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District sees an increase in taxes, as aid goes down

Cornell School Annual Meeting/Board Meeting

By Ginna Young

It was up to the electors to run the annual Cornell School meeting Oct. 26, where superintendent Paul Schley reported on the district’s finances. Last year, the district saw $5,598,751.57 in revenues, with $5,653,726.15 in expenditures.

Despite what appears on paper to be a deficit, the district had transferred money out of the general fund to a separate fund, which accounted for the “red” numbers.

“So, we ended the year in the black, actually, by several hundred thousand dollars,” said Schley. “It was a good year.”

Unfortunately for the district, state aid is down, which is part of the reason taxes are up. Therefore, the 2020-21 tax levy is set at $1,365,081, a 12.47 percent increase from last year.

Overall, expenditures for 2020-21, should be $53,000 less, but revenue will only see an $8,000 increase.

“Not very good, when you consider over a year’s time, things went up, more than $8,000,” said Schley.

As a result, the district’s mill rate is 6.74, per $1,000 of assessed property, up from last year’s mill rate of 6.18, which could still be the lowest in the area.

“We had a few years, where we were going down, down, down, in mill rate and total dollar amount,” said Schley.

As part of business at the meeting, the board salary was discussed. Currently, members get $170 per meeting. Payments can be made either by an annual payment or per meeting compensation.

The payments cannot be combined, where members get a base salary, as well as additional compensation for nonregular meetings.

“You can’t have both…that’s against the law,” said Schley.

District resident Allison Spegal motioned to pay members $180 per meeting, which passed with seven in favor and three opposed.

Moving on to the regular board meeting that followed, principal Dave Elliott said the district is still working on what to do for its Veterans Day program.

“It’s always been a big day for me,” said Elliott.

He says they are trying to figure out how to make the day special for people in the community who mean so much to the school, but in a safe and applicable way. Elliott said he is sure it is not going to work having older veterans come in-person to the school, who may be more susceptible to sickness.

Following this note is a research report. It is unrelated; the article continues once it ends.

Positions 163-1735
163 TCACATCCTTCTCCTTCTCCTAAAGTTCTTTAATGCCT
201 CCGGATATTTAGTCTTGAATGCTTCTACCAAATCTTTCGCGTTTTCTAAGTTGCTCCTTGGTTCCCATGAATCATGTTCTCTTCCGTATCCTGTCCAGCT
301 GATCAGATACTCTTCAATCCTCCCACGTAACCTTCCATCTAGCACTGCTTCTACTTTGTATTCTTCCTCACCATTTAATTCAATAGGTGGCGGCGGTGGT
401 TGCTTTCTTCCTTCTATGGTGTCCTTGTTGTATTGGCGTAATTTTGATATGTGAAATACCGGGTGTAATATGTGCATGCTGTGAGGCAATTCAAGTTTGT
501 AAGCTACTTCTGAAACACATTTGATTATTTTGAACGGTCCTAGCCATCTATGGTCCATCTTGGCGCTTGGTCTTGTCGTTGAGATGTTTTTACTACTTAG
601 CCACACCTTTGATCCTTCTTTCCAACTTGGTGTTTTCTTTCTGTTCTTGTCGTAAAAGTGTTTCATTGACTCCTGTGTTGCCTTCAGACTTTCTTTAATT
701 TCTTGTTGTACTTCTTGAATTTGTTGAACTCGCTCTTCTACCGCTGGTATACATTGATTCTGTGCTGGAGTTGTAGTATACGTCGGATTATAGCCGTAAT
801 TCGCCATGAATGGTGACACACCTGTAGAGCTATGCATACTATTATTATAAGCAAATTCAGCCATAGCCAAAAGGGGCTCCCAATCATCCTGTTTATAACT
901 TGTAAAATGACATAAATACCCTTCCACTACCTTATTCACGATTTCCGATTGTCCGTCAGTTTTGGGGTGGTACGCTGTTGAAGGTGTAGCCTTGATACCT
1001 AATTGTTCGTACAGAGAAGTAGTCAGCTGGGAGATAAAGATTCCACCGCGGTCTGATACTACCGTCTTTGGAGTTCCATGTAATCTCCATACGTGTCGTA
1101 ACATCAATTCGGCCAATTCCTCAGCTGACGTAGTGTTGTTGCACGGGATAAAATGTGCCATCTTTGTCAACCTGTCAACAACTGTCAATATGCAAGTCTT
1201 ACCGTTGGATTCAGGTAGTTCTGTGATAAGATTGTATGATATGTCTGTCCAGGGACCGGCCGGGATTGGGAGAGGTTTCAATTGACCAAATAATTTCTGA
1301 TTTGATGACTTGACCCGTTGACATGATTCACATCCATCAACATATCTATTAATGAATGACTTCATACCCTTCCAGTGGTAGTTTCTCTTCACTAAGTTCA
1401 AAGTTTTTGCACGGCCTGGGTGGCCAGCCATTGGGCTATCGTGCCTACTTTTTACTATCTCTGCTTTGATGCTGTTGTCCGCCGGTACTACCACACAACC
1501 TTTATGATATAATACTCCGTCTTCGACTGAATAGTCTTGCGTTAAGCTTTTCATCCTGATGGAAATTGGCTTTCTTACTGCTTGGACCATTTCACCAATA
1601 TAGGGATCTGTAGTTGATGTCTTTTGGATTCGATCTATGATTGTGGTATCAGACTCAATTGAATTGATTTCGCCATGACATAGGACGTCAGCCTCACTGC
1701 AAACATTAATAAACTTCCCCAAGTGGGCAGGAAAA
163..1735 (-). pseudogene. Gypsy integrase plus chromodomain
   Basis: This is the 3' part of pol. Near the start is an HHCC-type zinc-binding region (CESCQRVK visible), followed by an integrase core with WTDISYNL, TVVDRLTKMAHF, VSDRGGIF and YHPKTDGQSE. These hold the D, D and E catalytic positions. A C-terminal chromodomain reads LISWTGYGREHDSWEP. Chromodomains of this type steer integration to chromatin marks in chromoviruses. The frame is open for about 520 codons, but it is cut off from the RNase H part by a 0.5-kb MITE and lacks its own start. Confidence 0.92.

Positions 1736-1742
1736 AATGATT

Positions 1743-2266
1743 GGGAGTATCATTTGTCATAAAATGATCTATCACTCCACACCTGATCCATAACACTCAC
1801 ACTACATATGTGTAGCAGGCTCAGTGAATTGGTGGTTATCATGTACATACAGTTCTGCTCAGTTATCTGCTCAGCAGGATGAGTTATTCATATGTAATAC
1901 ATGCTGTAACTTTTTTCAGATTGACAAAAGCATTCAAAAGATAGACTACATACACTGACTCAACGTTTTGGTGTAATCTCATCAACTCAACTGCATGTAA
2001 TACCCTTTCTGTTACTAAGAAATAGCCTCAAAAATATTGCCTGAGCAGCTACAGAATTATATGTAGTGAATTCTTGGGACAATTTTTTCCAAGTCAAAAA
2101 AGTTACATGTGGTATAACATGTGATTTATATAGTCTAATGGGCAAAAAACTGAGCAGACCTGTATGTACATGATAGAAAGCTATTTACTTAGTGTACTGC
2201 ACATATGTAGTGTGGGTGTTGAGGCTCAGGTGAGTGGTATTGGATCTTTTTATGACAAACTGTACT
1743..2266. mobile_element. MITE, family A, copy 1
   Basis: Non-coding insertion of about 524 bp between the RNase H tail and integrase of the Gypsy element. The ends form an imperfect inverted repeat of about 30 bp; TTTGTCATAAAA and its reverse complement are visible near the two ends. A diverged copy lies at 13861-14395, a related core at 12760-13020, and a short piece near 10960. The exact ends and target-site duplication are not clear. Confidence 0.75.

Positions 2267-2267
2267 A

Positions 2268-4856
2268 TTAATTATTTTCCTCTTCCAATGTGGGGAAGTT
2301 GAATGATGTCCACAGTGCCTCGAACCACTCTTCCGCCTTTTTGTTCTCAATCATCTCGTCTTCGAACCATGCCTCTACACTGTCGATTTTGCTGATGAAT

The program will probably be a virtual affair, but Elliott said they need to figure out how make it available to those who may not be “online.”

When speaking of virtual, Elliott has also continued to work with staff about planning for the need to go virtual for a couple weeks, and still provide students with hands-on learning, even in such areas as tech ed.

“We’re not stuck, we’re moving forward,” said Elliott. “We hope it (all virtual learning) doesn’t happen, we’re going to try to do our best.”

So far, although there have been positive cases, as well as numbers of those who needed to quarantine from exposure to positive people, the district hasn’t had any positive cases with a student.

Schley said as long as they have the staff to maintain inperson teaching, the district will remain open.

“I think that’s best for kids, I think that’s best for families,” said Schley, adding that positive cases are coming outside of school, with no exposure within the schools. “I can’t rule people’s home lives.”

Something that will help the district this year, is a $5,000 grant from Northwestern Bank that the school applied for, and received, which will be used for homeless students. If the district has students who are considered homeless, and who need clothes and school supplies, that money will help provide those things.

One instance could be if a student’s house burns down and they temporarily move out of the district to stay with family, but still attend Cornell. If they have the intention of moving back, a gas card can be gifted to the family to help with transportation expenses because of that.

“This is to help with those types of situations,” said Schley. “It helps those who aren’t very fortunate – and things happen.”

Schley also reported that lead custodian Trevis Thompson is the recipient of the Wisconsin Small Rural Schools Association Support Staff Person of the Year. Thompson, acting as lead maintenance person, saves the district money in a variety of ways and teaches agriculture classes in addition to his many duties.

“So, that’s a big deal for the state of Wisconsin,” said Schley. “He’s very deserving.”

Also hailed at the meeting, was board vice president Jamie Close, who received Level 1 recognition at the recent virtual Wisconsin School Board Association Regional meeting. Close met the Level 1 requirements for his attendance at meetings and trainings.

Board clerk Eileen Sikora had news of her own, as she reported that she was invited to join the Herb Kohl Scholarship Committee, to read the many applications that come in from students across the state and help decide who to award money to.

“Thank you for doing that, that’s great,” said Schley.

During their business portion of the regular meeting, members approved the retirement at the end of the school year of first-grade teacher Sandy Amdahl; set the 2021-22 school calendar; and updated graduation requirements.